A report released on Friday has supported the Federal Government's plan to axe responsible lending laws, with the Bill being debated in Parliament today.
The Senate Economics Legislation Committee noted a well-functioning credit market was essential for economic growth, and the current consumer credit laws may be over prescriptive.
"The committee is concerned by evidence that the regulatory framework has resulted in consumers being unable to access credit in a timely manner to buy their first home or to obtain a grant under the HomeBuilder scheme," it said in the report.
"The committee is also concerned by the invasive and onerous nature of the inquiry and verification processes required under the existing responsible lending obligations."
Buying a home or looking to refinance? The table below features home loans with some of the lowest interest rates on the market for owner occupiers.
Smart Booster Home Loan
- Discount variable for 1 year <=80% LVR
- No ongoing fees
- Unlimited redraw facility
Monthly repayments: $1,476
- Discount variable for 1 year
- No ongoing fees
- Unlimited redraw facility
Base criteria of: a $400,000 loan amount, variable, fixed, principal and interest (P&I) home loans with an LVR (loan-to-value) ratio of at least 80%. If products listed have an LVR <80%, they will be clearly identified in the product name along with the specific LVR. The product and rate must be clearly published on the Product Provider’s web site. Monthly repayments were calculated based on the selected products’ advertised rates, applied to a $400,000 loan with a 30-year loan term.
Responsible lending laws were introduced in 2009 by the Rudd Government in the wake of the Global Financial Crisis, and were recommended to be made permanent by the Hayne Royal Commission.
Treasurer Josh Frydenberg announced plans to repeal the laws in September, speeding up the credit approval process and making it easier to get a loan.
However, the latest lending indicators data from the Australian Bureau of Statistics (ABS) showed new home lending in January was up almost 45% from the same time last year, while first home buyer numbers were up almost 71%.
An open letter against the axing of the laws was penned by 125 organisations in November and the report noted these concerns and others, but held the view consumers would not be less safe without them.
"The committee is of the view that these regulatory changes will not undermine consumer protections and that the principal of 'responsible lending' is deeply embedded in Australia's broader regulatory framework, which credit providers and credit assistance providers must still operate within and comply with."
Labor and The Greens have opposed the changes and will vote against them, with the deciding votes coming down to the crossbench, who are likely to side with the government and pass the Bill into law.
Consumer groups "gobsmacked" by report's findings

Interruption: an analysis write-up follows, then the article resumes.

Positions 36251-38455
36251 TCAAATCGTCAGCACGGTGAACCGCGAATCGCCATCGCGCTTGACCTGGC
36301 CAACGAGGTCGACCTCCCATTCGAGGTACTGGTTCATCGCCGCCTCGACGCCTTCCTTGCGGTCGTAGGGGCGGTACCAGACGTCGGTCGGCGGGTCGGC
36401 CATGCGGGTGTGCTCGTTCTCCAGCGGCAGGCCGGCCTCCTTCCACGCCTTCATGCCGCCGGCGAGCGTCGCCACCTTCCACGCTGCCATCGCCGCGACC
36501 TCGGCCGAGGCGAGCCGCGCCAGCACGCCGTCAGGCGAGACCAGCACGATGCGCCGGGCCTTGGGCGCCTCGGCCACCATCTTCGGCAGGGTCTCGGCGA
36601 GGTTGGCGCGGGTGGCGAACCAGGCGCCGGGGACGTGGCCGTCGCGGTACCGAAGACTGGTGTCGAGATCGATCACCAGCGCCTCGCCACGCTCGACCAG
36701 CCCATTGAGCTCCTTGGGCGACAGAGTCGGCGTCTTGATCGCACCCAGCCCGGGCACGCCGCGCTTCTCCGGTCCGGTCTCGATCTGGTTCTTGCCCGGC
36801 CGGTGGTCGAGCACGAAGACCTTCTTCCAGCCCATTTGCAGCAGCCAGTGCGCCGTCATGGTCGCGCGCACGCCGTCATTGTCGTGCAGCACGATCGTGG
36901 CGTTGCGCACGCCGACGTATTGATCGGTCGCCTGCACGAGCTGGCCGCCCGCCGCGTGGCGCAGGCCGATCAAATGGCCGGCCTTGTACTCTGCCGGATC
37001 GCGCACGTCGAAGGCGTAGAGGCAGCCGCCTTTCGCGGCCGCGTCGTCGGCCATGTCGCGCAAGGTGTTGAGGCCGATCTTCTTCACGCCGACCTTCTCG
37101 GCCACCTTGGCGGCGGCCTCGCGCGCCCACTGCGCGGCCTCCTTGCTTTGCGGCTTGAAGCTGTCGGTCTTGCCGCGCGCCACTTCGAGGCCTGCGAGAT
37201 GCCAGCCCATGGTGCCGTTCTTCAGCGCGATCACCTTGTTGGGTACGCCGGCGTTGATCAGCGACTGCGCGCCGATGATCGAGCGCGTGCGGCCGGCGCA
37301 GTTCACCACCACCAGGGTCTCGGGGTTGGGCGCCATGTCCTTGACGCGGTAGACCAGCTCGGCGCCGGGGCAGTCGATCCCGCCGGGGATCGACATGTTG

Alycia Gawthorne, Campaigns & Advocacy Adviser for Consumer Action Law Centre, said the government's decision to push ahead with the Bill defied all logic.
“In 2015 the Government initiated a review of predatory lending laws, which made some really sensible recommendations for reform to make sure people don’t fall into a debt trap. The Government accepted the majority of these recommendations and even released draft legislation," Ms Gawthorne said.
“It’s absolutely mind boggling that now – more than five years later – the same Government is introducing laws that fail to meet the basic level of protections recommended by its own review, while taking an axe to responsible lending protections for other types of credit.”
Ms Gawthorne said many people were still trying to get back on their feet after experiencing financial hardship as a result of the pandemic.
“With crucial income support measures due to wind up at the end of the month, the Government’s Bill will see people sent straight into the clutches of predatory lenders.
“We’re counting on the crossbench senators to take a stand and vote against this Bill, which if passed, will have devastating impacts for our community and economy.”
Bill aimed at enabling Australians access to credit
Liberal MP Tim Wilson said empowerment through homeownership was critical to Australia's economic landscape and would not lead to the "ridiculous circumstances" forecast by Labor and others.
"The macroprudential framework that has been put in place by the regulators would ensure that lending was appropriate," Mr Wilson said.
"What we wouldn't have is needless paperwork and needless delay to 'yes'. We wouldn't have needless situations where young Australians who want to buy their first home miss out because the law gets in their way.
"What we want to do is make sure that the law not only protects consumers but also empowers them."
Shadow Treasurer Dr Jim Chalmers said the government was using the recession and pandemic to unwind important consumer protections in the financial system.
"It's like they weren't paying attention to the Hayne royal commission and the rorts and rip-offs that it uncovered," Dr Chalmers said.
"Those opposite get given a big report about all the rorts and rip-offs in the banking system, and their first inclination is: 'How can we unwind these protections, which the royal commission advised in its first recommendation that we should keep?
"That is ridiculous. It really is next level to use this pandemic as an excuse to go after consumers."
Image source: Twitter